Training for a marathon is in many ways like training to become a Certified Electronic Transcriber. It takes hard work and perseverance. I have had the memorable experience of running in five marathons; participating in a mini-triathlon; doing a 100 mile bike ride all in the beautiful State of Hawaii. After 35 years of living in Hawaii, I ventured to the mainland where I began my training in the world of court and freelance reporting. This is the story of my journey to the land of electronic transcription.
I was born in Dayton, Ohio but raised in Honolulu, Hawaii where I lived for 35 years. Being a female born into the Chinese culture presents interesting challenges, but there is an upside to being a middle child. An article written by Lynne Griffin, R.N., M.Ed. and published in Psychology Today states: "Although middles are neglected by both parents and teachers, they actually benefit from this in the long run. They become more independent, think outside the box, feel less pressure to conform, and are more empathetic."1 I believe it was my fortune of being a middle child that helped me achieve some great accomplishments in my life.
I earned a Bachelor of Science Degree in General Home Economics with an emphasis in Human Development in 1974 from the University of Hawaii. After graduation, I was able to secure a position at the beautiful Hilton Hawaiian Village where I spent 12 years, starting out as a clerk and leaving as the Director of Personnel which is referred to as Human Resources in present day nomenclature.
I have always had an interest in law, but law school was financially out of reach. So I did the next best thing. Around 1985, I applied for and was accepted into the paralegal program at Kapiolani Community College. Being a single parent of three young children and holding down a full-time job was daunting at times. When the opportunity to start anew presented itself, I lunged at it. Although that decision forced me to leave my paralegal studies (I was one course shy of earning my Associates Degree), the benefit of leaving Hawaii and the paralegal program outweighed any loss that resulted in the decision to start a new life.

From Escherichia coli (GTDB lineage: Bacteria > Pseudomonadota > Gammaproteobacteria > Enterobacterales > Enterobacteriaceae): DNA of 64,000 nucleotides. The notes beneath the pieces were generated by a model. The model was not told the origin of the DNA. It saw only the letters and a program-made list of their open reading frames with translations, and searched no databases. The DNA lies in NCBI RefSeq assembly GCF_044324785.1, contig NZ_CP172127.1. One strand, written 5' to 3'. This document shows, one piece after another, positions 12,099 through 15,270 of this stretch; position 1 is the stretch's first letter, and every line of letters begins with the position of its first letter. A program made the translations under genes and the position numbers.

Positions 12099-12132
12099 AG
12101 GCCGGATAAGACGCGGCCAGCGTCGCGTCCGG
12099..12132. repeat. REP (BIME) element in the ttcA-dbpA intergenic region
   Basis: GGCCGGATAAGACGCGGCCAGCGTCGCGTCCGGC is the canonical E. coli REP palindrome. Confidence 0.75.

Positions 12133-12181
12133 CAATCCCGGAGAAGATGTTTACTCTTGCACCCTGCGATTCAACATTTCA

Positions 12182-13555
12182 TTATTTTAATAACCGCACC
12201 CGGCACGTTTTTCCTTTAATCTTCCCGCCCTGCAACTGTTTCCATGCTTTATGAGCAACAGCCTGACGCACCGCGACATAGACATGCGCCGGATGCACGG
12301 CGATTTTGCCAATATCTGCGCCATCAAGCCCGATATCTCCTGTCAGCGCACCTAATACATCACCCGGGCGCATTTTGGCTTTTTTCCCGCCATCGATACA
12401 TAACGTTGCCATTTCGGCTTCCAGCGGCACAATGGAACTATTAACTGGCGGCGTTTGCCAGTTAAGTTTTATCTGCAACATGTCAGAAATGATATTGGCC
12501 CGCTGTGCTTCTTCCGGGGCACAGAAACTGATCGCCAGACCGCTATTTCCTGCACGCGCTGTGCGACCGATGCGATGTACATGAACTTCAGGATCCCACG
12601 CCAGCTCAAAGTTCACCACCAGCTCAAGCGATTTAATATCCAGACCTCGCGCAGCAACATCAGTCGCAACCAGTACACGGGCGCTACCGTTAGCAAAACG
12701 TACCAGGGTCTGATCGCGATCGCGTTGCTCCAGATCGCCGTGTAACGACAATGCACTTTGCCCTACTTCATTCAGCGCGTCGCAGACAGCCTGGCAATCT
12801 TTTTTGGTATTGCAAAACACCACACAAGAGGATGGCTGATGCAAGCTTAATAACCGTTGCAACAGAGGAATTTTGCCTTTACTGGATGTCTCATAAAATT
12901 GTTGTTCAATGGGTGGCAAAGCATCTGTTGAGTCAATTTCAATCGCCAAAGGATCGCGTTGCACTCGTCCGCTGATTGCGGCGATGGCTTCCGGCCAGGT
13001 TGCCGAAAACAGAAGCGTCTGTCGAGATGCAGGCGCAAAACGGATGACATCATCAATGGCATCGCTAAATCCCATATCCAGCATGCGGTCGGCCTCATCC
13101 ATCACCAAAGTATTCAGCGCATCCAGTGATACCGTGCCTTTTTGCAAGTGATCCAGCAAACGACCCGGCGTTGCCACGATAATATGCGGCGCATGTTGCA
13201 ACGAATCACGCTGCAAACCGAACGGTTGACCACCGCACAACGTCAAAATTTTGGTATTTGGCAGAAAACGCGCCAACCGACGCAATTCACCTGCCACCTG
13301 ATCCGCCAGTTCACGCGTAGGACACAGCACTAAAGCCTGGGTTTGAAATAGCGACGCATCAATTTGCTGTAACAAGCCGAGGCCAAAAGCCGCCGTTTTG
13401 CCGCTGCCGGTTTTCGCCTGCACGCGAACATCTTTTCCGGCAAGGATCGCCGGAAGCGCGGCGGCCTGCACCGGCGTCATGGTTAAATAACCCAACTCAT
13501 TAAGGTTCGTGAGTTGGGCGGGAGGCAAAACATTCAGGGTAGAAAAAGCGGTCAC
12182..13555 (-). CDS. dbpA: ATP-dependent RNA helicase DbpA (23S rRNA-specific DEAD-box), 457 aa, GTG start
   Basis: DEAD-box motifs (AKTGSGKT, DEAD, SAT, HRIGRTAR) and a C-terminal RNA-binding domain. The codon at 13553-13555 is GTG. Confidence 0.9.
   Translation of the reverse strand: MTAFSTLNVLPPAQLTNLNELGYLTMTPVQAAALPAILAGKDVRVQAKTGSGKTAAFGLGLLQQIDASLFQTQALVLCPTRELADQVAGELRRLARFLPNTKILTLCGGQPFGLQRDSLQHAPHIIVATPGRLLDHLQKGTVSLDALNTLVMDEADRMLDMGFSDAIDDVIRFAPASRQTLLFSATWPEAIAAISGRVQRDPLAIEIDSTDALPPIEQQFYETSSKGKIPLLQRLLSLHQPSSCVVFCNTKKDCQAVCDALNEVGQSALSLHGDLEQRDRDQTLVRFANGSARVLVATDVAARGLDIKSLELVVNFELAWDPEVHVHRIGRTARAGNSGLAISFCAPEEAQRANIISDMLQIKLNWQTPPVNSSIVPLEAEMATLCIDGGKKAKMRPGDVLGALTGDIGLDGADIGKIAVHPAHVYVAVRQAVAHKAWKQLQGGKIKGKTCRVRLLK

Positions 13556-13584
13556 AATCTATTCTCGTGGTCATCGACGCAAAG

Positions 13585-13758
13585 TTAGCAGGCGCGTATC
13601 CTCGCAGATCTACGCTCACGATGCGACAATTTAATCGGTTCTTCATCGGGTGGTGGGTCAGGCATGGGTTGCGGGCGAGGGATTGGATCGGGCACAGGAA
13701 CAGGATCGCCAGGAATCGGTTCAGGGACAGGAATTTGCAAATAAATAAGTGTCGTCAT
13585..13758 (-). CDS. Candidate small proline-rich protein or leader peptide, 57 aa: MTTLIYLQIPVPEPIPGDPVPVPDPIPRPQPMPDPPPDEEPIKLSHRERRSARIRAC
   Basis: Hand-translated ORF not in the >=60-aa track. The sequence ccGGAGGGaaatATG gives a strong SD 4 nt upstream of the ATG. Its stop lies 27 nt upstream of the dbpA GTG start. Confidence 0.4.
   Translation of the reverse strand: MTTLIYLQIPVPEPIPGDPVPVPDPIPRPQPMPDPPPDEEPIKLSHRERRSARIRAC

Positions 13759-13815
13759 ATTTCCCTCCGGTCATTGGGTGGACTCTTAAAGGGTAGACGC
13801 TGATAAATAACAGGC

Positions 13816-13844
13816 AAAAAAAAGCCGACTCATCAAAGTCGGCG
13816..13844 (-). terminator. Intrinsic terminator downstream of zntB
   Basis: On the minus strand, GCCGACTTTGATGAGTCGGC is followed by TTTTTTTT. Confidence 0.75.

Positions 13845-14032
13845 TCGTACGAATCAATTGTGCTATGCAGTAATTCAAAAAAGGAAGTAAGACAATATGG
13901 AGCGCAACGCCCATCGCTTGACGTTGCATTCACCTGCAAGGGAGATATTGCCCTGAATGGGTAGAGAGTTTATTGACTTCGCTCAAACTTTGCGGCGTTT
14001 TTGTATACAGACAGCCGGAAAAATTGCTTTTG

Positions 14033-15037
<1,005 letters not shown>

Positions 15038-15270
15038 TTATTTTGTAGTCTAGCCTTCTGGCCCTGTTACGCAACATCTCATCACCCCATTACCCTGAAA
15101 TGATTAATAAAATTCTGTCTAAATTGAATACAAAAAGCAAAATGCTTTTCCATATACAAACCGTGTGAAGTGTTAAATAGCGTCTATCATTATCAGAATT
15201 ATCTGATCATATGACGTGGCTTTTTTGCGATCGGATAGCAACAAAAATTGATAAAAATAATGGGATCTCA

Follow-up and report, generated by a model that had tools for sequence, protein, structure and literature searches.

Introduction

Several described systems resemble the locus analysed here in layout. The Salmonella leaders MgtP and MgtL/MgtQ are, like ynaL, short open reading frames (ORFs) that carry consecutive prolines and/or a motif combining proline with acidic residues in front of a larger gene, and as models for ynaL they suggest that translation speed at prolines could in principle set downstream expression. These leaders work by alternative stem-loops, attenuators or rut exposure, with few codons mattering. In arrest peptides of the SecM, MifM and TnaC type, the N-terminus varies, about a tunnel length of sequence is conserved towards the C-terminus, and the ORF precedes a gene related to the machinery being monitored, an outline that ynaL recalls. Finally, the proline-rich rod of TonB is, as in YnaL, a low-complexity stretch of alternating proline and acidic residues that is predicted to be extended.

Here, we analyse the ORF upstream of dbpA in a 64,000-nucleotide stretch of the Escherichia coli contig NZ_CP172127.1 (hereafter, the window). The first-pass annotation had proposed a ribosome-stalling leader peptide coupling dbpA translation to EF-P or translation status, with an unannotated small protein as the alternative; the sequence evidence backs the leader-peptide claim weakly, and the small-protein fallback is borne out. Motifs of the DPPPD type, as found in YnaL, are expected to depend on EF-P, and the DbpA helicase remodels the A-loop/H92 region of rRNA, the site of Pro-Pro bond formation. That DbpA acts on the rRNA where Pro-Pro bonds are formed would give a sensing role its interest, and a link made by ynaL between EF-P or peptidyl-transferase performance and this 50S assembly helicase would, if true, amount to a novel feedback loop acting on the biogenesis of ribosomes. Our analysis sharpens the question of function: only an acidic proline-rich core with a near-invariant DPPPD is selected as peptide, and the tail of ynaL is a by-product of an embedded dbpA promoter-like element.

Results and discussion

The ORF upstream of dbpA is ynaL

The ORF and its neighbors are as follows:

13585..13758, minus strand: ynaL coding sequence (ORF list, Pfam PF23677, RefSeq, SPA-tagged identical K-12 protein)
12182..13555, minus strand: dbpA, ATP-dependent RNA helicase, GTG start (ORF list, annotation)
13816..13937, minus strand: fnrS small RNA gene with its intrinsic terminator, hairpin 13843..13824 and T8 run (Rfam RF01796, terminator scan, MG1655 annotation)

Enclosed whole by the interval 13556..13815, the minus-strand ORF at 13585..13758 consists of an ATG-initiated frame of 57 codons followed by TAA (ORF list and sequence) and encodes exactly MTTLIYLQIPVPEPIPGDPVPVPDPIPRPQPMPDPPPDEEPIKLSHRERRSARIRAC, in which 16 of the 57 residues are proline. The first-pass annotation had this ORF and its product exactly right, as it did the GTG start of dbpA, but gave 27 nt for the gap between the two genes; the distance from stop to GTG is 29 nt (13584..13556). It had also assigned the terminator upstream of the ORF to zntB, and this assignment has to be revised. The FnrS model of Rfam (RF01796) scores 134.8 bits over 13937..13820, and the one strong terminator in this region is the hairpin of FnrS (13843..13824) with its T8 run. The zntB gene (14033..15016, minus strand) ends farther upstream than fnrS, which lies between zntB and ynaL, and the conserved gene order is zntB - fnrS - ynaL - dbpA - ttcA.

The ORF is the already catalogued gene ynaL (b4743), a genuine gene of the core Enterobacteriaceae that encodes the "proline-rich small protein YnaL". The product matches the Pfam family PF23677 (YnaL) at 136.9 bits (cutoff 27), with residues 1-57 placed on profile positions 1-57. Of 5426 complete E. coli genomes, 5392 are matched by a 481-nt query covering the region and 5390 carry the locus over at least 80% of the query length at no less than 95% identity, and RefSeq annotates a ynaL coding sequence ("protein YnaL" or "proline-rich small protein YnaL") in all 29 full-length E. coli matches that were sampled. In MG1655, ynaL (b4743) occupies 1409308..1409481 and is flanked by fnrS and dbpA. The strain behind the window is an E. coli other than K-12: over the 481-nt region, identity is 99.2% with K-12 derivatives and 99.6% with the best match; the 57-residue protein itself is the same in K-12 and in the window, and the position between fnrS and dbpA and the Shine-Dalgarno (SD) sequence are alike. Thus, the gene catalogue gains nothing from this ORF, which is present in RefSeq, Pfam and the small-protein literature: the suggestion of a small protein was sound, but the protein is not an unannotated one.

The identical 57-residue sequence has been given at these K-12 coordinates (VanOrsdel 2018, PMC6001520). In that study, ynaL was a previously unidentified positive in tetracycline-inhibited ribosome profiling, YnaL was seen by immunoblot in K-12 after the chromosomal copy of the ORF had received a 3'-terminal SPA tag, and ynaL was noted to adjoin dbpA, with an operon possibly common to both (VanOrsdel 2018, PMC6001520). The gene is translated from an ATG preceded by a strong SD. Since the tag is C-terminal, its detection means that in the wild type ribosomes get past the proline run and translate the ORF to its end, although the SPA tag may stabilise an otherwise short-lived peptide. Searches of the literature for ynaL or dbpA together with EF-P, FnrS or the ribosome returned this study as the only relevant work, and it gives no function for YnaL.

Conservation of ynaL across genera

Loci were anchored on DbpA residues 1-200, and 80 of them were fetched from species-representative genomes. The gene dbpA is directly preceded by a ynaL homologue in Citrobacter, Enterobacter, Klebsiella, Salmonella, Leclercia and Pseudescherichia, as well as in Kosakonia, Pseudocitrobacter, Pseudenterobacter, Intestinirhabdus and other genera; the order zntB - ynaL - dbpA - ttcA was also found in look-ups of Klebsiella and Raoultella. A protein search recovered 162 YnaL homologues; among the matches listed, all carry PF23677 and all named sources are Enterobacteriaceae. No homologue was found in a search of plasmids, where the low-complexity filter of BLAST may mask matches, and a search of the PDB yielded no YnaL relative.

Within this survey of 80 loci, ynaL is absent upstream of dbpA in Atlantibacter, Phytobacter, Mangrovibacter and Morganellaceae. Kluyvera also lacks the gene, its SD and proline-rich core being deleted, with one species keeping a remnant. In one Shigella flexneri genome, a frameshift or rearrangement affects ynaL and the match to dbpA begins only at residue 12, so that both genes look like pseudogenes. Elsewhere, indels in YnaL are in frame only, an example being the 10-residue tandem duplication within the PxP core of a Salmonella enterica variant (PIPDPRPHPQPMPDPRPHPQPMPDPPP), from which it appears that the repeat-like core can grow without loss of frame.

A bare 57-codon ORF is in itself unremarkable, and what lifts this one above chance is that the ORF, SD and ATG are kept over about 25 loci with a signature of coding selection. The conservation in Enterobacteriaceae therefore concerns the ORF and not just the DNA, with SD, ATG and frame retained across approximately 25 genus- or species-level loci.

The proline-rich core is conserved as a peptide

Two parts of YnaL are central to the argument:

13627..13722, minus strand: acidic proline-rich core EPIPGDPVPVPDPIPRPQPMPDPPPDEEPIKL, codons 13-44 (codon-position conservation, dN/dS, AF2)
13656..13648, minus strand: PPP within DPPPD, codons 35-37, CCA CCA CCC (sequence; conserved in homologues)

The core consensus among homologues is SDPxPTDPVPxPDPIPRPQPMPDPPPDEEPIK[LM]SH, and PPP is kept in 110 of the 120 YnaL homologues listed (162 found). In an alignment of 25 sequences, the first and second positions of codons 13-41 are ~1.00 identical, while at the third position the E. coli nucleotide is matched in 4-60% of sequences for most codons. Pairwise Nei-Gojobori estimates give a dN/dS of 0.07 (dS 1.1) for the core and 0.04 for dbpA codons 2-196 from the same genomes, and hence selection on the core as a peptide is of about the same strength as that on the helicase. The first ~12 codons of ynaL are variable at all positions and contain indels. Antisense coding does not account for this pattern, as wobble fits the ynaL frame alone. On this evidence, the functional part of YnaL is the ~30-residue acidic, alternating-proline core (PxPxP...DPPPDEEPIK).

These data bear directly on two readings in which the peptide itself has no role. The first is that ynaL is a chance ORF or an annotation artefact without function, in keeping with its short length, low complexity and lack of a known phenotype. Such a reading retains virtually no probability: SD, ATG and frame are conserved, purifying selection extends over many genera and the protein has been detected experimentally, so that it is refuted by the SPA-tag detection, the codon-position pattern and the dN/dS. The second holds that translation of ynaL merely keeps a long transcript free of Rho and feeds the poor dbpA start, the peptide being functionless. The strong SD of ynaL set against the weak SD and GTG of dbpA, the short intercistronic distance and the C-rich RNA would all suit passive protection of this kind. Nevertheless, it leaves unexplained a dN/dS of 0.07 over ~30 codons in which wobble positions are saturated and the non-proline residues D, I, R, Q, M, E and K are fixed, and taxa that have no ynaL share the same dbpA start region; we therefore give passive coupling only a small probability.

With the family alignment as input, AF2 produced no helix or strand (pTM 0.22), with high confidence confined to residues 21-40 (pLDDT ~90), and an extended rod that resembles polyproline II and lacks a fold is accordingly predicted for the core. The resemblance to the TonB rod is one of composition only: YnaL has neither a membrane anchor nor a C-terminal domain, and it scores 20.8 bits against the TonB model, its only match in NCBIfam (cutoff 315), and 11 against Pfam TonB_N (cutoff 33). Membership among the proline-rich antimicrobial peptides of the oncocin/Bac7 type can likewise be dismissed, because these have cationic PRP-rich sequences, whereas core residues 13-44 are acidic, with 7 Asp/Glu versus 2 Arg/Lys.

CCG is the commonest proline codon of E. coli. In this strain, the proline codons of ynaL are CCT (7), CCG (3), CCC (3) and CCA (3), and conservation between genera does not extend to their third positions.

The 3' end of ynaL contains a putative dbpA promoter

FROM HAWAII TO MICHIGAN TO ARIZONA
With three young children in tow and with as many belongings that could be packed in two weeks, the kids and I headed for Big Rapids, Michigan where I attended Ferris State University. What a culture shock! The ground never froze in Hawaii. Three years later, I earned an Associate's Degree in court and freelance reporting. At the recommendation of a classmate, I did my court reporting internship at the Maricopa County Superior Court in the State of Arizona. Having been exposed somewhat to the lifestyle and cost of living in Arizona through my internship and after graduation from Ferris, the children and I moved to Arizona in 1991.
I applied for a position at the Maricopa County Superior Court, but I was not hired. Five and a half years later, I applied again at Maricopa County Superior Court and secured a position as a courtroom clerk. During my four years as a clerk, my learning continued, and I became very familiar with courtroom procedures.
Arizona is a beautiful state, but it does have its idiosyncrasies. Some of the unusual features include Valley fever, which I contracted along with pneumonia and asthma, which kept me down for some time and drained my savings. When I was strong enough, I took jobs through temp agencies and eventually landed a full-time position at St. Joseph's Hospital and Medical Center in Phoenix, Arizona. I earned certification as a nursing assistant and was exposed to the medical field for five years.
A JUDICIAL ASSISTANT
Four years later, an opportunity arose which was irresistible and that was a chance to become a judicial assistant. Fifteen years later, I am still a judicial assistant and have worked for the same judge since that time. However, my interest in court reporting never waned, and the world of electronic transcription opened its door for me. I stepped in and absolutely love electronic transcription. I am now a CET and transcribe on a part-time basis. After retirement from the court system, my goal is to do transcription on a full-time or almost a full-time basis.
My years at the hospital and in the court system are a tremendous benefit to my life as a transcriptionist, especially when the transcriptionist is not a witness to what is going on in the courtroom. I hope that my story will serve as an inspiration to anyone who is struggling to keep the faith and endure in order to achieve a professional goal or any other goal in life.